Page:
We purchased our umbrella cockatoo - Abby for Christmas. She is 6 months old. She loves every toy we've either bought or made for her. We have no children & she is our only pet. I am a previous parrot owner - 12 yrs. and went 5 yrs. without one. Never owned an Umbrella Too. She is such a joy to have. Only problem so far is that she hates it when the TV is on. We watch it only at night & weekends. She ends up in her cage because she screeches & carries on so much we can't hear the TV!!! She actually doesn't mind going in her cage because she quiets down. Maybe I'll try leaving the TV on during the day....
No words yet but hopefully she will begin talking soon.

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  • Editor's Note - 2012-01-21
    What a fun addition to your family! Just like any 'new baby' you will see her little personality emerge as time goes on. Seems to me, possibly, that when she sees you watching TV, she is feeling like she is not the center of attention. After all, if you were a bird, and your humans became very still and didn't move and looked at a box in the room, you may be a little disturbed too! lol Maybe try petting her or having her sit with you when you watch TV. If that does not work, maybe she will grow out of it, like all little kids do! Enjoy and thanks for the information!
  • Charlie Roche - 2012-01-23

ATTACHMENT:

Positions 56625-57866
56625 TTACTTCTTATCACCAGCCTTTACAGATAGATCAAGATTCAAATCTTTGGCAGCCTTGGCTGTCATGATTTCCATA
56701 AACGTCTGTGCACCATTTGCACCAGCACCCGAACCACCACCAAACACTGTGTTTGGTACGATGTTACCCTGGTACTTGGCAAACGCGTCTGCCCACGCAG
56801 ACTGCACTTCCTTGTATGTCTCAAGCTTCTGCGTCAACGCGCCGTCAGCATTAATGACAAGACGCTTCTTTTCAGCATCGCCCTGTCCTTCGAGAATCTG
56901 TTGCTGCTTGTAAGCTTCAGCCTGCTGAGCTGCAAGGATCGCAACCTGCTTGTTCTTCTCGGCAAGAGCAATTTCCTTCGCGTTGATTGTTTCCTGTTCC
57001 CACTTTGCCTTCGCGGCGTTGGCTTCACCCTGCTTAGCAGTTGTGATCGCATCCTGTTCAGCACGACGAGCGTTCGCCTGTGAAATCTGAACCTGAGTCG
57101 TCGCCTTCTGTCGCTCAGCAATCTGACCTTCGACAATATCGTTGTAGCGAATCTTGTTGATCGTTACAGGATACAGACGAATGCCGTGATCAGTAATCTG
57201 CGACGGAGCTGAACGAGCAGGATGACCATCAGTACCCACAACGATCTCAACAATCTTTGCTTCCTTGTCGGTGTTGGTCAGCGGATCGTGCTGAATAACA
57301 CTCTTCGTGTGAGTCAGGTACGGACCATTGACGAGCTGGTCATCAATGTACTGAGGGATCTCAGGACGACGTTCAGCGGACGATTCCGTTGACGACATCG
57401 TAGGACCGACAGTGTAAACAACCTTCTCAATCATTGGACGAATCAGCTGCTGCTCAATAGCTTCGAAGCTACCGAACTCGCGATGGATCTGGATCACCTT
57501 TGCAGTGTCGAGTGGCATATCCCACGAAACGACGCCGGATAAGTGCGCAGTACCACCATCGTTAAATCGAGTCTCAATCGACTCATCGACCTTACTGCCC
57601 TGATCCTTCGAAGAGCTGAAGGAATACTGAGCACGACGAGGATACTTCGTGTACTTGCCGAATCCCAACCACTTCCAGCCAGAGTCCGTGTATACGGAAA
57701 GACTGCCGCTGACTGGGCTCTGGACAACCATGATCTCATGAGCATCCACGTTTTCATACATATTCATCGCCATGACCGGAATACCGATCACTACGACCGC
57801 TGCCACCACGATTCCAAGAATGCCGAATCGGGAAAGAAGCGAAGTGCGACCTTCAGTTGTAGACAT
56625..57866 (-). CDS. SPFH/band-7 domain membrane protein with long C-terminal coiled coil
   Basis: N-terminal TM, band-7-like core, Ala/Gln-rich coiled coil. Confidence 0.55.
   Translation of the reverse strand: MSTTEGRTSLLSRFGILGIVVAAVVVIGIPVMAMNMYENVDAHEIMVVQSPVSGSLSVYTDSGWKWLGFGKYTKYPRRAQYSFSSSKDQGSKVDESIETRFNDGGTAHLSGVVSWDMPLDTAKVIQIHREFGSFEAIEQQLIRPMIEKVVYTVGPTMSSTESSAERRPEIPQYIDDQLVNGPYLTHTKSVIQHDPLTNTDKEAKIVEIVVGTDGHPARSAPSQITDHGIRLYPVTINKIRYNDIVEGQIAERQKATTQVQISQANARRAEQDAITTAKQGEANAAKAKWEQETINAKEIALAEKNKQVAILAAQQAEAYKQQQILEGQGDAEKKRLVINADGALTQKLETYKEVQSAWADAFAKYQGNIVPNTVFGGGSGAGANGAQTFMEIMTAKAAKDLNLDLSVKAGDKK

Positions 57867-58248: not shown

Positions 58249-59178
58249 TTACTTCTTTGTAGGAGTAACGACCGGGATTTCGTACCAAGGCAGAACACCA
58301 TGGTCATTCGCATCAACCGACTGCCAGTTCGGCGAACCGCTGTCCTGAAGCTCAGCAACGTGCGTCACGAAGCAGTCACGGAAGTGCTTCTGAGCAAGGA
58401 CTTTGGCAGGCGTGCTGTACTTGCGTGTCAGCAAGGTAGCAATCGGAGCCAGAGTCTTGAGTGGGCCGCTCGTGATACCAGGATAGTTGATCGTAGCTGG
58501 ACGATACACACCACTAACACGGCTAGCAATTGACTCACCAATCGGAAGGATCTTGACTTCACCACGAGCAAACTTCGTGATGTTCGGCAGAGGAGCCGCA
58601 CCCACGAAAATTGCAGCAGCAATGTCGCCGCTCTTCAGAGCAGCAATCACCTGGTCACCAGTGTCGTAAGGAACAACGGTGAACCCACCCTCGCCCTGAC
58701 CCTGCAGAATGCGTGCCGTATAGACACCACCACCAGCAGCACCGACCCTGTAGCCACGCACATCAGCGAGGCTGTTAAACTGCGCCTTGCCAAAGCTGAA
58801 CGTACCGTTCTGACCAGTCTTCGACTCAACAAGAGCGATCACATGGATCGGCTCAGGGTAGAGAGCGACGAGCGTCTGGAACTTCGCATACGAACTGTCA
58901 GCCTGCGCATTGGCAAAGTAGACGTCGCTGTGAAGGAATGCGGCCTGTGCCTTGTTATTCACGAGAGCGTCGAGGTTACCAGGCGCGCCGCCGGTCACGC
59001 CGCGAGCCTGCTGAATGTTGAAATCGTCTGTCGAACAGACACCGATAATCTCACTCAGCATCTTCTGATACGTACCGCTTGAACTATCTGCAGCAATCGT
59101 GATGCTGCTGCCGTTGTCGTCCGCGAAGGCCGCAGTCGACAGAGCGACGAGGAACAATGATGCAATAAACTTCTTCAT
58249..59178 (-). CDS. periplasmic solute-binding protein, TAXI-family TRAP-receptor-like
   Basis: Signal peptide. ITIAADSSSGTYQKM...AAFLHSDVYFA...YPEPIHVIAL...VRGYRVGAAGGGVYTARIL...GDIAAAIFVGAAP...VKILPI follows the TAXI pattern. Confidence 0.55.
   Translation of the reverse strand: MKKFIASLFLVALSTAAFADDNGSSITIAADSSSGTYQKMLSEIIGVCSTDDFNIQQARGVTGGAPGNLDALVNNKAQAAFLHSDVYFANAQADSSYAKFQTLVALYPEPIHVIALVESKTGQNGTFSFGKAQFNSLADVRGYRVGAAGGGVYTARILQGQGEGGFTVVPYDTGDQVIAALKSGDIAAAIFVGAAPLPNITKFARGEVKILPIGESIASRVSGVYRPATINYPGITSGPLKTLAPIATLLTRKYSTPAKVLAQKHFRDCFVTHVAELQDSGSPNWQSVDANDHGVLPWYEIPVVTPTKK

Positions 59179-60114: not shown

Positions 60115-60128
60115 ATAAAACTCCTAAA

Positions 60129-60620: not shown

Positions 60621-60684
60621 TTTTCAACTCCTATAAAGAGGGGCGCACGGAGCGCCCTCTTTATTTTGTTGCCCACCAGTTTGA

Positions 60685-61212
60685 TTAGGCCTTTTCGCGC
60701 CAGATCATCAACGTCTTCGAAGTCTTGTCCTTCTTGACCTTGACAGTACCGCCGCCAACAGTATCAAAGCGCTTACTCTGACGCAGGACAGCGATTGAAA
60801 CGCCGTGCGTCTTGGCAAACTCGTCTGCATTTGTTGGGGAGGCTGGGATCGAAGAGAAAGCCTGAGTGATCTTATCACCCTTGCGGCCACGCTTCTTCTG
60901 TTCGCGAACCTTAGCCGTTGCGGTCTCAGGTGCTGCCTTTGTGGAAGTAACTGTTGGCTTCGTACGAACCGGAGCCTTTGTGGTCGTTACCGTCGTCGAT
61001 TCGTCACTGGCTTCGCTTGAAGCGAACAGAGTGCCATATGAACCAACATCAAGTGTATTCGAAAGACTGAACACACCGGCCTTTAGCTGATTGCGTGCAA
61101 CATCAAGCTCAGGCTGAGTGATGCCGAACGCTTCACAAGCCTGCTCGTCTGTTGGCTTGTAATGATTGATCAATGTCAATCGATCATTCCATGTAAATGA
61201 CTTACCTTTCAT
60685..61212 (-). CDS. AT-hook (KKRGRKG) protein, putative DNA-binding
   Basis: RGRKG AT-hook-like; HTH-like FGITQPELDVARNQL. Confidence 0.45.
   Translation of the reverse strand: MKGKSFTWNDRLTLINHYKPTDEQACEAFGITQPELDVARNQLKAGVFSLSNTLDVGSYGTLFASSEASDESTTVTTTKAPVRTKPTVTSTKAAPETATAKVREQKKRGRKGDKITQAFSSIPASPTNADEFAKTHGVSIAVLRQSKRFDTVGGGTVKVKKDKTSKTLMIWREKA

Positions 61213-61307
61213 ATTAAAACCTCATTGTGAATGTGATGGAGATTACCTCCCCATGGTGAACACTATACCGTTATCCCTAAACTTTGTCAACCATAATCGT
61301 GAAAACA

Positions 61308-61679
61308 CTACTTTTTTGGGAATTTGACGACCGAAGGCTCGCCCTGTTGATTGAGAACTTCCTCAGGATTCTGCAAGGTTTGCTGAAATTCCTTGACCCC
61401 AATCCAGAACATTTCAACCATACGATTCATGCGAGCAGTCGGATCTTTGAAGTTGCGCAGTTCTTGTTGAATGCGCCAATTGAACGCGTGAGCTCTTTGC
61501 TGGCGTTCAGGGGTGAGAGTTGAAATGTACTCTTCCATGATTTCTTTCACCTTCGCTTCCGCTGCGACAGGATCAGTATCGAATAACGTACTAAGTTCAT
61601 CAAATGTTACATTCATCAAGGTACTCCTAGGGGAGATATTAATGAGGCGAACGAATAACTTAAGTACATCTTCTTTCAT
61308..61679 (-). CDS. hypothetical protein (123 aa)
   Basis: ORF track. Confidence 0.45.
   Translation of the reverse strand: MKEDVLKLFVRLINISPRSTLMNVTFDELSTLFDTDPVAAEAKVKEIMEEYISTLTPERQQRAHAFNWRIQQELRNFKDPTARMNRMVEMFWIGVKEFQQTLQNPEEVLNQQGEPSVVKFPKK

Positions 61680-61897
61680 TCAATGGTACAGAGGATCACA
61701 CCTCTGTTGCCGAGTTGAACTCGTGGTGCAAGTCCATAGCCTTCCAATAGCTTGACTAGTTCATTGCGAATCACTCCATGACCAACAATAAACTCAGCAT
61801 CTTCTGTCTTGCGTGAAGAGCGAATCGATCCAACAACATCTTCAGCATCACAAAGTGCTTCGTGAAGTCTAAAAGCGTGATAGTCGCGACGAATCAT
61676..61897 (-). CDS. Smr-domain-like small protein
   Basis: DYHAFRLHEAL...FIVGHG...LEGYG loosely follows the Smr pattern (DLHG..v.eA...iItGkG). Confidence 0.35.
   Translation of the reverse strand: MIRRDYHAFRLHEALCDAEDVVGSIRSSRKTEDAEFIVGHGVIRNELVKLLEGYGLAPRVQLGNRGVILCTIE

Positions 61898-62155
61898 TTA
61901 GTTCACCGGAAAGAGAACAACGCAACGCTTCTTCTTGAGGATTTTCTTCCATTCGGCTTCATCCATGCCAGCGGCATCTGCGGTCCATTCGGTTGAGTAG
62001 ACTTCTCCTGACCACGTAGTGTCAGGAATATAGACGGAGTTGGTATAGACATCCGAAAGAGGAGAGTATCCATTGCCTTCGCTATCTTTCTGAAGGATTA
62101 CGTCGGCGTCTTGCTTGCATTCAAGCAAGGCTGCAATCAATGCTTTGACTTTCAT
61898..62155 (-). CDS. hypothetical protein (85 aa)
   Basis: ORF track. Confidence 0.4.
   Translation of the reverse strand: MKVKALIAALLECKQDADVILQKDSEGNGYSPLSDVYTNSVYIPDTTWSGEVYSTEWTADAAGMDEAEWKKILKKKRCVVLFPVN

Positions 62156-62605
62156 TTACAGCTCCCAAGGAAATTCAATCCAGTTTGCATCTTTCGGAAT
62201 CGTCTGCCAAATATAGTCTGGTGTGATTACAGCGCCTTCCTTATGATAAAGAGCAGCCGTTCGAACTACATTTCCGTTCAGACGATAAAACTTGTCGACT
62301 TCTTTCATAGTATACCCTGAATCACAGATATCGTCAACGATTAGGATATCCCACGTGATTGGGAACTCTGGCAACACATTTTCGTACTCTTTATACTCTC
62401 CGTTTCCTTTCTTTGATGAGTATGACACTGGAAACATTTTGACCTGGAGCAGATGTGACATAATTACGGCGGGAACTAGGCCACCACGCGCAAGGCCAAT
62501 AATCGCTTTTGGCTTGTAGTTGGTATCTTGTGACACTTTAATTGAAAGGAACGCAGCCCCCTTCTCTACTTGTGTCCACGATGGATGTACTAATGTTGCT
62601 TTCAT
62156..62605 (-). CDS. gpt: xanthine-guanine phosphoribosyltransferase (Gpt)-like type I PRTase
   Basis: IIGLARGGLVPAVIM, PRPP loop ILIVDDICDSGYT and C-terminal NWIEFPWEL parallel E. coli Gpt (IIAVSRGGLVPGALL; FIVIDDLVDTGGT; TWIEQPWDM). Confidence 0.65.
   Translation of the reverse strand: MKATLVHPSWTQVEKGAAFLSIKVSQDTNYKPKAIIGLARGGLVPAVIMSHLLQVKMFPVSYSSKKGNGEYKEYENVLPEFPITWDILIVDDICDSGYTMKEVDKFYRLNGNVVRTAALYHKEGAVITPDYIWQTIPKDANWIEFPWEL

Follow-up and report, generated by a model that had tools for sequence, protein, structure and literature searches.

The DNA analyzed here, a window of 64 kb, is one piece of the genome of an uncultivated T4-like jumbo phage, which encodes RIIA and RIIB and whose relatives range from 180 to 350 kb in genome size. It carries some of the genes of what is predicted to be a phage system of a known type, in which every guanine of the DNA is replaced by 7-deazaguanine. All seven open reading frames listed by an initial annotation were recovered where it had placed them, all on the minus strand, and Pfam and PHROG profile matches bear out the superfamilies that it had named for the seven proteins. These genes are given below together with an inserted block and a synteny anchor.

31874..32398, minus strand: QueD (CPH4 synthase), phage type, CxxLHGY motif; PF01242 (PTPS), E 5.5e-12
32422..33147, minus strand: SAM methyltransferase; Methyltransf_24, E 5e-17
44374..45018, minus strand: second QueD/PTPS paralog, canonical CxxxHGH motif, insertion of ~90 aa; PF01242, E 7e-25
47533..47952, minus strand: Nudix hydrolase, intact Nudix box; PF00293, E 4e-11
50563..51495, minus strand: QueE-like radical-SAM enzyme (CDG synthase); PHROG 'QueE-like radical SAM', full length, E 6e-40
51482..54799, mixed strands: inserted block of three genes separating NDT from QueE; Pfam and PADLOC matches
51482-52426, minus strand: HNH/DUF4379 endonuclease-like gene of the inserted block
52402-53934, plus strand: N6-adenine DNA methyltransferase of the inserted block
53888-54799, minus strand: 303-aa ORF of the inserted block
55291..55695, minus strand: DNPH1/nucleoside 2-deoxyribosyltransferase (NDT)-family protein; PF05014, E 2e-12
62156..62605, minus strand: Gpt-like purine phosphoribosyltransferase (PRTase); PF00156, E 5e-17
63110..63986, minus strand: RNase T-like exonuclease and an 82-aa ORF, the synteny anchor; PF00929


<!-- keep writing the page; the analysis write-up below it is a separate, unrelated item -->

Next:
I don't know for sure what is true - only what is real. My birds would go nuts and talk and jabber and make me crazy if I wanted to watch a movie. I bought them their own TV with DVD's and would set up their TV for them. Surf's Up, Little Mermaid, Ninja Turtles etc. They love their TV and they talk to it and they learned many of the words. I then realized they weren't so much 'pitching a fit' when the TV went on as they were communicating with it and also trying to compete with it for my attention. My Panama Memorized Ninja Turtles and a couple and their teens came over to the home and my Panama said clearly 'drop your drawers, I have a pistol'. If it is your little guys bedtime, sure put him to bed, but otherwise you might want to just let him watch TV - their are kids programs during the day.
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Animal-World info on Goffin Cockatoo
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Lily - 2013-05-22